October 2010 by Dutton Juvinile
In this mischievous and utterly original debut, Hansel and Gretel walk out of their own story and into eight other classic Grimm-inspired tales. As readers follow the siblings through a forest brimming with menacing foes, they learn the true story behind (and beyond) the bread crumbs, edible houses, and outwitted witches.
Fairy tales have never been more irreverent or subversive as Hansel and Gretel learn to take charge of their destinies and become the clever architects of their own happily ever after.
A Tale Dark and Grimm was a very quick read; I finished in two days. It was fun to hop through some lesser-known fairytales, and Gidwitz does not Disney-ify them. They stay creepy and gruesome and Grimm. This book might be a bit much for young, young readers, but most 10 year olds would like it.
I loved the narrator. He pops in frequently to urge you to make sure the children can't hear the next part because it's just too scary for them. He also points out some of the huge logical fails that fairytale characters make, such as why would Gretel have to cut off her finger for it to work as a key. This book is a tribute to the Grimm tales, but it is a tongue in cheek tribute.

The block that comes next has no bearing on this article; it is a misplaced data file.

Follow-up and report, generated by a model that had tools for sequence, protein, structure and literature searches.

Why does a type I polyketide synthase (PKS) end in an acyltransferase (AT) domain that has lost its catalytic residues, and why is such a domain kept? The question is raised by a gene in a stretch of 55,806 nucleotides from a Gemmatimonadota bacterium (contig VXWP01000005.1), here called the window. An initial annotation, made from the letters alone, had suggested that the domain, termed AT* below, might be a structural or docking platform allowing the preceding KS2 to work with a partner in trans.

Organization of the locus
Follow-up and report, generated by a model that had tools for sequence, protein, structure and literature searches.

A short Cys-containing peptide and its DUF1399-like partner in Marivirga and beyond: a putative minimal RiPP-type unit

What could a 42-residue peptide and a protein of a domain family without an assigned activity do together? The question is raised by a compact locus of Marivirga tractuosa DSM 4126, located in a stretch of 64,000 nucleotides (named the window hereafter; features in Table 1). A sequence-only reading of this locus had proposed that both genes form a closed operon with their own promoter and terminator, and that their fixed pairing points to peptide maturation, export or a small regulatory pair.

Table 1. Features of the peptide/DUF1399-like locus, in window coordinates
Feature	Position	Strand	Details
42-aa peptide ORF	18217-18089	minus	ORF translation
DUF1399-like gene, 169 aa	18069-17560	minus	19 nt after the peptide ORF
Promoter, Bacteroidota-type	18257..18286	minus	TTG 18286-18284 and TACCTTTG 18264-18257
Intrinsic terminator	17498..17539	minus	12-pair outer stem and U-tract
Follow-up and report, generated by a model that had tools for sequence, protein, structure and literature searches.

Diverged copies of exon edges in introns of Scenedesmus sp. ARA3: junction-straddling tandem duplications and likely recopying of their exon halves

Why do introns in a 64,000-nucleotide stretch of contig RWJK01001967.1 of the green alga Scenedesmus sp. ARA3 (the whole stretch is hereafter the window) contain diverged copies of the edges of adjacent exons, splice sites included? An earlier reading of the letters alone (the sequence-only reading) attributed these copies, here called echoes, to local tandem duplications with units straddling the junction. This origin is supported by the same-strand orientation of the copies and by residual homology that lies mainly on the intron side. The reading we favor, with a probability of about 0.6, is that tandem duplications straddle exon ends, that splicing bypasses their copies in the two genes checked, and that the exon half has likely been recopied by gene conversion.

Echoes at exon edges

I wish Gidwitz had done more to flesh out Hansel and Gretel. Their characters were never really developed. They started as caricatures and never moved far beyond that. I get that Gidwitz wrote the book to explore the stories rather than to explore the characters, but I still would have appreciated a bit more depth. I never felt like I knew Hansel and Gretel as people.
A Tale Dark and Grimm is a fun, quick read with a beautiful cover (I'm a sucker for silhouettes). It's definitely worth a try for any fairytale lovers.